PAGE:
Voting in the Georgia Primary today - And it SUX
And I hate it. I love voting. I just hate the primary system we have here in Georgia - many other states have similar systems.
Why do I hate this system? Well, I am an independent. I have voted dem, repub, green, libertarian, and independent. I try to vote for the individual I want, not the party. I really hate the party system, especially as the two parties that dominate government here in the US, have consolidated all the corruption. They both suck.
knew it would suck, but was 'forced' into becoming the father of the party system here in the US:
"After the election of 1796, Jefferson realized that the American political system was on the verge of a major change. Even though the Founding Fathers had not intended for there to be any political parties (and George Washington had tried as hard as possible to be non-partisan for that very reason), political parties were going to be the wave of the future. Due to his great respect throughout the country, Washington had been able to levitate above the partisan factions. But no one else would ever be able to repeat that bipartisan performance. No subsequent president would credibly claim to be above the fray. Jefferson was the first American leader to realize that the president must forever after be the head of a political party. It is for this reason that Jefferson deservs to be regarded as the Founding Father of the two-party system in America."
Not enough of an explanation?
Well, I live in a county/district that will not elect a republican to any office for the forseeable future at a local level. So, if I don't vote in the democratic primary today, come the general election in November, I will have no choice in my local government. These races 'will' be decided today. Come November, in most local races, those that directly affect me and my family the most, will moot.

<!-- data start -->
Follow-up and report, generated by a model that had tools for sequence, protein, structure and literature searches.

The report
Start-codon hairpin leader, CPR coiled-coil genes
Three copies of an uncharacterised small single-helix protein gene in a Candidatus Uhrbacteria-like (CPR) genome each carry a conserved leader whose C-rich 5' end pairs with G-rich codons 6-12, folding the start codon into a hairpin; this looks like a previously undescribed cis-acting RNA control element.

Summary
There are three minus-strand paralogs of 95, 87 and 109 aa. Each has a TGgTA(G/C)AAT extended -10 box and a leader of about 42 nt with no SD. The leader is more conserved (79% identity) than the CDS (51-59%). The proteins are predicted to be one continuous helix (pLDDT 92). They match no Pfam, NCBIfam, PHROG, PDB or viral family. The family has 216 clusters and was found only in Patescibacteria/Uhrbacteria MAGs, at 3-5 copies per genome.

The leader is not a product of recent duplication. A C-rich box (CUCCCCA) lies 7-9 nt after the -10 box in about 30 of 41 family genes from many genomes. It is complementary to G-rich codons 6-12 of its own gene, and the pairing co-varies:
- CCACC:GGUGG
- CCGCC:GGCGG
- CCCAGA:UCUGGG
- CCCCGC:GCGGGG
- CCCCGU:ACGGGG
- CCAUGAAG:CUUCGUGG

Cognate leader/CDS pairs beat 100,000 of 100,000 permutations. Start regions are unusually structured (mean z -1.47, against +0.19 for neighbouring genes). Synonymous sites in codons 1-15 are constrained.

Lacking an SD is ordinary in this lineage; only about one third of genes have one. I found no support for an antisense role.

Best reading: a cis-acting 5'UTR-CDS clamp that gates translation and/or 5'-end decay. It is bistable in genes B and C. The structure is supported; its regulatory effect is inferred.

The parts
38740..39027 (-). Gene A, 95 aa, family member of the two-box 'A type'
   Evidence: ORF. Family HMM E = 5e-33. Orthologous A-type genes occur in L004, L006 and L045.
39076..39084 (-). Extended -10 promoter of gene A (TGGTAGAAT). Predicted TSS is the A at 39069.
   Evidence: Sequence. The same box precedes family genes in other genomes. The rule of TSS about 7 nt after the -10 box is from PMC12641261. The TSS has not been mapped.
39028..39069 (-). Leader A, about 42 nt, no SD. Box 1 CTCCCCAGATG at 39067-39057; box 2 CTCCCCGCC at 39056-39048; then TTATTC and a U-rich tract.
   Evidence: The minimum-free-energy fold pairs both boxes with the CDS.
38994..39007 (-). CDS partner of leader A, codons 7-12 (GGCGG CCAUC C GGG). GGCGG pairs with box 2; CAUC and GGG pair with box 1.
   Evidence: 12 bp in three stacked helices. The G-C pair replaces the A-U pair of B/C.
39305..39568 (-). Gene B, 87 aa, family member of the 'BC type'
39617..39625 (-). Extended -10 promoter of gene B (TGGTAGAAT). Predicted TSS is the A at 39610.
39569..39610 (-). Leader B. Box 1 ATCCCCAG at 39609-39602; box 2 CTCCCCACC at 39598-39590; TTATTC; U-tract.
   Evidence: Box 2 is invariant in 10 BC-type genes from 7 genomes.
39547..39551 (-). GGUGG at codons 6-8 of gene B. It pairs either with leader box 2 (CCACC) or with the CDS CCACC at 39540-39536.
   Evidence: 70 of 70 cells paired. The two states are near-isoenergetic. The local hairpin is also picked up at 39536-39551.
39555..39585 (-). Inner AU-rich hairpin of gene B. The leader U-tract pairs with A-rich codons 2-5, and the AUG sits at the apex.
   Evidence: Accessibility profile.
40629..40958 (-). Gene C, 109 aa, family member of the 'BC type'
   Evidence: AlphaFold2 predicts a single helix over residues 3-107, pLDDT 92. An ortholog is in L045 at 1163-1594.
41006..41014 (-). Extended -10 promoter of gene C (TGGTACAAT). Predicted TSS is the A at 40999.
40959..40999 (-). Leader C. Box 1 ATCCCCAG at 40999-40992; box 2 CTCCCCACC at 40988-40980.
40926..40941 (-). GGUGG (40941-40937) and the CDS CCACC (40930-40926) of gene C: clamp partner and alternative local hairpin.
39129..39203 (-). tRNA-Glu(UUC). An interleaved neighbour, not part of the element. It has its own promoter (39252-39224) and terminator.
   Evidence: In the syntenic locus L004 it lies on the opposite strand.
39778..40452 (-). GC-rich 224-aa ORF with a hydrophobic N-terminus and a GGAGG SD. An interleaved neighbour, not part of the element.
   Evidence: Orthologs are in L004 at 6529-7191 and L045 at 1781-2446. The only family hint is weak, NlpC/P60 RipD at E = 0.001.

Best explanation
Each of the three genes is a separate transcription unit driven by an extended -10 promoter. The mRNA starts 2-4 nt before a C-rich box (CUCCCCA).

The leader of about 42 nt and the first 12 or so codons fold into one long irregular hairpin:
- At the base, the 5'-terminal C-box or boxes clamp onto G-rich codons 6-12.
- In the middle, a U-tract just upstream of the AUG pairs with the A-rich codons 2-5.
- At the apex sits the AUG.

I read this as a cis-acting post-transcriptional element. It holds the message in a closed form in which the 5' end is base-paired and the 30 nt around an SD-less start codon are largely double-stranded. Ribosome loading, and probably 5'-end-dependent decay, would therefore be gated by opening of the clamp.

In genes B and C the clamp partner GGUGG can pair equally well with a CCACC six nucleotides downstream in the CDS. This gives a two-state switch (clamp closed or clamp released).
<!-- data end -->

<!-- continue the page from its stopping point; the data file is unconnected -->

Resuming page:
My first experience voting here in the primary, I chose to declare myself an independent, and to my surprise (I confess, I was naive about the Georgia system), my ballot consisted of a judgeship and a referendum. Then came November, and I looked at the general ballot, and all the local races were decided. All the candidates in the local races by that time were unopposed. They would win whether anyone showed up at the polls for the general election or not.
And if I want to help decide who my congressional rep will be - there is one republican running for, I guess, show. Unless our computer ballots are fixed, she has no chance in this district - 4th District
seat - so again, I should choose the dem ballot.
The reverse is also true many years, and probably this one. The next Georgia US Senator
is in all likelihood going to be a republican:
Although there have been few polls commissioned for Georgia's open Senate seat, the conventional wisdom is that the seat is a GOP lock. One increasingly cloudy piece of wisdom is that retiring US reps Mac Collins and Johnny Isakson will face each other in a runoff.
So, if I want a real choice in who my US senator will be, I should choose the republican ballot, because come November, the republican candidate will in all probability (barring the predicted run off, which I doubt will be needed - the smart money is on Isakson) be decided today.
The biggest choice I face today, is do I want to have a say in who my US senator is, or my congressional rep and local county officials will be, or stick to principal and take the independent ballot.
If I stick to principal and take an independent ballot today, I pretty much give up my voice in the political system.
Final comment: If we must have a party system, I'd at least like to have 5 or 7 different parties. Not because I'd like that much choice, though I would, but because it would force corporations to 'bribe' lots of people, instead of just two. Let's at least spread the corporate graft around a little. Open the market and deprive the repubs and dems of the dualopoly powers.